farzinfarzin investigates the means by which objects, sites and systems acquire cultural value and examines the representation of value in architectural form. In what unexpected ways might architecture engage questions of history, preservation, and political contingency? Can a method of intervention in these matters be learned from the hairy logic of computational processes?  The studio addresses these questions through the design of spaces, software, and media. 

farzinfarzin was founded in 2008 by Farzin Lotfi-Jam. Lotfi-Jam (b. Tehran) is faculty in the graduate school of architecture at Columbia University and holds advanced degrees from Columbia University and RMIT University in Melbourne, Australia. He is a Fellow of the Akademie Schloss Solitude in Stuttgart and was previously a Sanders Fellow at the University of Michigan. His research has been funded by the Veski organization and the Graham Foundation, and has been collected by the Centre Pompidou in Paris. He has been exhibited at the Storefront for Art and Architecture, the Het Nieuwe Instituut, the Museum of Contemporary Art Detroit, AIGA/NY Annex, the Oslo Architecture Triennale, the Venice Architecture Biennale, and elsewhere. 







Designed and developed with v-a.nyc 



Prototyping Workshop, The Bakery Brooklyn 2015

Participants: Andrew McGurk, Momo Araki, John Arnold, Maksim Drapey, Mitchell Hart, Kyle Hovenkotter, Catherine Jahnke, Mari Kussman, and Hannah Strauss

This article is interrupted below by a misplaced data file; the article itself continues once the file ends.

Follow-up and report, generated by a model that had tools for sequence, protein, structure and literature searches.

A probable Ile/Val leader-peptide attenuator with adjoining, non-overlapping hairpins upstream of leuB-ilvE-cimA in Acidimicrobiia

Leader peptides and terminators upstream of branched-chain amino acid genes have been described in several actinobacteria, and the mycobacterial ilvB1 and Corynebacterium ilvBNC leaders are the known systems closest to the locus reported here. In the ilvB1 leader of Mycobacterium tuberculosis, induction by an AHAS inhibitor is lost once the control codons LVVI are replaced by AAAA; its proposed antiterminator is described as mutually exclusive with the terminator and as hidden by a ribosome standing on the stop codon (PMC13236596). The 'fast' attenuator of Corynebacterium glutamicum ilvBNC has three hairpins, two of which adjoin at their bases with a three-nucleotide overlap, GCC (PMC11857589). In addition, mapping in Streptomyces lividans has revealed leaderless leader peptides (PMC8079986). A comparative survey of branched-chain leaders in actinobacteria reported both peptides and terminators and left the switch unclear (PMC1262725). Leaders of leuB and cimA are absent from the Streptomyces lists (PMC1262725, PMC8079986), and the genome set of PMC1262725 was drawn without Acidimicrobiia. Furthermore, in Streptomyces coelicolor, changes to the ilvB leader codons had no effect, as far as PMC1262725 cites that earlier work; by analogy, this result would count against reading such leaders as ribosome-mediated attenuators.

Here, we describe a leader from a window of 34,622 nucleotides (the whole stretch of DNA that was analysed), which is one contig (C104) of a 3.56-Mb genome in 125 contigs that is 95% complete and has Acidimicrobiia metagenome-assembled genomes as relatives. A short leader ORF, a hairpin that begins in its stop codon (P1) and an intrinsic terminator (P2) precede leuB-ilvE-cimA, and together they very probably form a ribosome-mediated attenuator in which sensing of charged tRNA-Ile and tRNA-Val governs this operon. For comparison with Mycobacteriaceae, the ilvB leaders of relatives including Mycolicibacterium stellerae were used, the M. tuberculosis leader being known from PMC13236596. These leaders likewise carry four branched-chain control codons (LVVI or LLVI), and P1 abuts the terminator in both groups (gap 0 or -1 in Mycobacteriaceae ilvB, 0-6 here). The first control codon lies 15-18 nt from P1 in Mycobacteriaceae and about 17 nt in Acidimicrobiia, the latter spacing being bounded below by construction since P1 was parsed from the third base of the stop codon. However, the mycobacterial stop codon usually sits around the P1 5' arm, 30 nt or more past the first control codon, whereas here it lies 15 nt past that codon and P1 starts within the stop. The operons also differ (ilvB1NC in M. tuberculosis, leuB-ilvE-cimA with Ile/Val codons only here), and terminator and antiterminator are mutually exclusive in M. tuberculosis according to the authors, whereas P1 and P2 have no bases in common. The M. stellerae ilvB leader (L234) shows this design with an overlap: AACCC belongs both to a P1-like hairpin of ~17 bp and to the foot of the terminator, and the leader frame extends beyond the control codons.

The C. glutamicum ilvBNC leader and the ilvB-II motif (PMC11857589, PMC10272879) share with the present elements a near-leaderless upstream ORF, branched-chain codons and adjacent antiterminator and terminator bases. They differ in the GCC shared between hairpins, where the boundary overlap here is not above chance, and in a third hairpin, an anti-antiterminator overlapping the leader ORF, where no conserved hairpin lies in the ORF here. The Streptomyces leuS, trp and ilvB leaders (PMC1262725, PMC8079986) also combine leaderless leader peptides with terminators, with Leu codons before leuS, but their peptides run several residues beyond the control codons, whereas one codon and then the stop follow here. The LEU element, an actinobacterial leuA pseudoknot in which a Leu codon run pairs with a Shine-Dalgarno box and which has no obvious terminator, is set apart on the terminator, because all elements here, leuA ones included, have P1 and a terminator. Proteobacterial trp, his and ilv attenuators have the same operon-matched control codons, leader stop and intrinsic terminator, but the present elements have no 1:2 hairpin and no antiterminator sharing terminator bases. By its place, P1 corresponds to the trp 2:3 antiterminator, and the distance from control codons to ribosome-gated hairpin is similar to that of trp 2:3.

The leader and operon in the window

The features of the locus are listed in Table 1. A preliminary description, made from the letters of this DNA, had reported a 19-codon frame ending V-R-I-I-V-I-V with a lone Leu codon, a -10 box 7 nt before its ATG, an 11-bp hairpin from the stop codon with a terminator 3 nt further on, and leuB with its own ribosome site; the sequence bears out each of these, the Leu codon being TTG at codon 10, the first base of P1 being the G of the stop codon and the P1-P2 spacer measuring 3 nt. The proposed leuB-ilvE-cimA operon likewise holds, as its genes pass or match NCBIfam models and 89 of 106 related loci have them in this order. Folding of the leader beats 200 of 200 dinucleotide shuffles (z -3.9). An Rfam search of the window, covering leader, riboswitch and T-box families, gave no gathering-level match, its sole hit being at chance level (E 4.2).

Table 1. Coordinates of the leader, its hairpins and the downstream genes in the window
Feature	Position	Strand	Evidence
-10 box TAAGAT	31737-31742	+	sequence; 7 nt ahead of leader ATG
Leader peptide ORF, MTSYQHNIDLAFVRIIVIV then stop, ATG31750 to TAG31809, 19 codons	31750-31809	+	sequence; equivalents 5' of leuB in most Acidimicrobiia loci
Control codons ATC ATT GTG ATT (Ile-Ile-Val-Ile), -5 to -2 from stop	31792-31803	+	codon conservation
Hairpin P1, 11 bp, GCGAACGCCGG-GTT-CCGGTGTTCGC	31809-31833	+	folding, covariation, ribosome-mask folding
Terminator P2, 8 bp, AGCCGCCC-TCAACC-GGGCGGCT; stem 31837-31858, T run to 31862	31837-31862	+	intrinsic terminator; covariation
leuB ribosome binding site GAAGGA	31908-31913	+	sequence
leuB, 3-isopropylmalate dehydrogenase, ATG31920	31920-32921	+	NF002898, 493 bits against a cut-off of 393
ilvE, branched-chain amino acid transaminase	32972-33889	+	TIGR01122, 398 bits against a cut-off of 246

This workshop borrowed ideas from the gaming industry and tested their capacities as tools, mediums and perceptual devices for the production, representation and possible diffusion of architecture into a virtual reality.


Part design investigation, part technical workshop, participants were introduced to a methodology connecting standard 3D architectural packages with the Unity gaming development platform and the Oculus Rift Virtual Reality Headset. Through lectures, demos and workshops, participants were provided with the conceptual framing and technical knowledge to assist them in the production of rich and interactive games that pushed the conceptual limits of virtual reality.

What new forms of activity can be envisioned for a virtual body, devoid of physical realities, or the burden of sensation? Where does the architectural object stop and its environment start, when one is tasked with the design of a world? What new forms of communication can be envisaged when publishing architectural projects through the medium of interactive games? And how does this all feel, if our exploration of this world is mediated by a Virtual Reality headset?